Do you feel like your teachers are losing momentum as the year winds down? As instructional coaches, we start the year supporting our teachers to create meaningful goals, excited about the countless opportunities that lie ahead. But, as the year progresses and the demands increase, it can begin to feel difficult for you, and your teachers, to keep those goals at the forefront. We still want to support our teachers to accomplish those goals, but what should we do when we lose momentum or a shared purpose? Even if we are right on track, I have found that it can be very helpful to revisit our goals and reflect on what we have accomplished, and refocus on what steps we still need to take.
Re-visiting our initial goals is exactly what I did with Sarah Neff. Sarah is an instructional coach in Groton, New York who I have been coaching this year. In September, Sarah set her vision for the year. Sarah wanted to focus on supporting teachers to feel comfortable with her coaching, ensuring her coaching was productive to her teachers, and supporting teachers to implement high leverage strategies that helped students to build conceptual understanding in math while students did “the heavy lifting.” As it often happens, new demands and challenges arise as the year progresses, which left us working within Sarah’s focus areas and outside them. When we resumed coaching after December break, Sarah and I used backwards planning to ensure that despite new demands, we mapped out had concrete steps to meet her goal. This ensured that even if we focused on new challenges, which we often have, Sarah’s vision and goals were again at the forefront of our work.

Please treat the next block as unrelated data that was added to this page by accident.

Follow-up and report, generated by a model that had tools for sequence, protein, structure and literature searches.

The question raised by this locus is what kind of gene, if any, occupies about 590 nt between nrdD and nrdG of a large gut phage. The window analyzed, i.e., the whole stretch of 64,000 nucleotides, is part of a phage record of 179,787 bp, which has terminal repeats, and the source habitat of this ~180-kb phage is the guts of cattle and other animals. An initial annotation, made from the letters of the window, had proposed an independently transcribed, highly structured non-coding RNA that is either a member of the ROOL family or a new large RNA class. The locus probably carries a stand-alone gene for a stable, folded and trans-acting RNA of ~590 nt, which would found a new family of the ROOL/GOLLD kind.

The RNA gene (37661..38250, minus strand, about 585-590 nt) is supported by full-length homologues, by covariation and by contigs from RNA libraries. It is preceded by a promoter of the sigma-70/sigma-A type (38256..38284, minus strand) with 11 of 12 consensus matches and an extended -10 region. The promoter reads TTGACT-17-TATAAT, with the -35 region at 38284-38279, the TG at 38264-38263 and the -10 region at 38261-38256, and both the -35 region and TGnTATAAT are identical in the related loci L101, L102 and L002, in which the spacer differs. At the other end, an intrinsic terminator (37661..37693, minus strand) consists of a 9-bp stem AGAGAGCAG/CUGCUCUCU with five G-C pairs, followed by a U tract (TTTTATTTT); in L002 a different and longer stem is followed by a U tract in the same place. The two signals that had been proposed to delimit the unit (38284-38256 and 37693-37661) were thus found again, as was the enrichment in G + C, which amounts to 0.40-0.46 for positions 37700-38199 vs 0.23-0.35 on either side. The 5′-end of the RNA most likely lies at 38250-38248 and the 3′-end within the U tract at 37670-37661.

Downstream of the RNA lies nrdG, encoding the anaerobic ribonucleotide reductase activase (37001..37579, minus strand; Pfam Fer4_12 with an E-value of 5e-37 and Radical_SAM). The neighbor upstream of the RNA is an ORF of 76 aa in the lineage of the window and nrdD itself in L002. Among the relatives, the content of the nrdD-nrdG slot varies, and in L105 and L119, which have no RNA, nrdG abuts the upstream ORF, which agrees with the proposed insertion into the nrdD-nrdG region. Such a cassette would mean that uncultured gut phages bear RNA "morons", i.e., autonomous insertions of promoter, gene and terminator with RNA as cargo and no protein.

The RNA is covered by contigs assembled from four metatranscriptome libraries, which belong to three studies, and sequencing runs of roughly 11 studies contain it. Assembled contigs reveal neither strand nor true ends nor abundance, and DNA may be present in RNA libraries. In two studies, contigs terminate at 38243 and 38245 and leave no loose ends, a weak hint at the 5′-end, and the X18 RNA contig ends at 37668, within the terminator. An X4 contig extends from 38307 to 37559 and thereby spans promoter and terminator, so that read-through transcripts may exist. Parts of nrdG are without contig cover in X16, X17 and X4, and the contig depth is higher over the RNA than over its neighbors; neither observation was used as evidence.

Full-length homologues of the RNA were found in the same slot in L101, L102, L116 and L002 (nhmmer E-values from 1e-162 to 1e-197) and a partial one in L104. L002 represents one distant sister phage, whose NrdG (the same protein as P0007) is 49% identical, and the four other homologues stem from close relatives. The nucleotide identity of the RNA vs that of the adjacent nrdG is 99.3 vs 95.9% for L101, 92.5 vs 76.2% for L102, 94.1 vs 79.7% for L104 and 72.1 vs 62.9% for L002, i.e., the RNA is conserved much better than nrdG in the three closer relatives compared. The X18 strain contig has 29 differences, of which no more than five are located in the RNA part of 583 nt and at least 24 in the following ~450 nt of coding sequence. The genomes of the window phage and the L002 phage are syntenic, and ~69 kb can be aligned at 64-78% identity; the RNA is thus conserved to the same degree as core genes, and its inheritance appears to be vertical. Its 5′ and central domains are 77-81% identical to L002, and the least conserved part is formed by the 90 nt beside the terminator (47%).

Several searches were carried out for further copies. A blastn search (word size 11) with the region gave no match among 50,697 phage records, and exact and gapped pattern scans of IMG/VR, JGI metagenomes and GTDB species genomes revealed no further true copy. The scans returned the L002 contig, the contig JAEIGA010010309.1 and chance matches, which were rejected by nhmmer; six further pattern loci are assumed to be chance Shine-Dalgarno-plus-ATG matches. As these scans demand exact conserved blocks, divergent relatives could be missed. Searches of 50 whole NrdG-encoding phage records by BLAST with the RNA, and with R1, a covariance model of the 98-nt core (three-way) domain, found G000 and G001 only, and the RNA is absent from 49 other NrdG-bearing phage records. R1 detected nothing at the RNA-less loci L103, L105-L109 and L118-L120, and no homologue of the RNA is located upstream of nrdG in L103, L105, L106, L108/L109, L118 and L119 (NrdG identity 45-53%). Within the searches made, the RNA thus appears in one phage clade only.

Backwards Planning: How It Works
As educators, we have been trained to use Backwards Planning to construct units. We keep the goals of the unit (the end) in mind, as we construct the path to reach those goals. Backwards planning is essential during unit planning, but I have found that this can be an equally important strategy for coaching. Implementing backwards planning as a strategy for coaching has been transformative in our work with teachers at BetterLesson. It provides teachers with another opportunity to think big picture, to revive their excitement about their initial goals, and provides a plan with specific steps to support them as they work towards their goals.
Below are four steps I have taken to implement backwards planning with the teachers and coaches I support as the year winds down. Using Sarah’s experience as an example. I will share what we did together during each step.
Step 1: Review Goals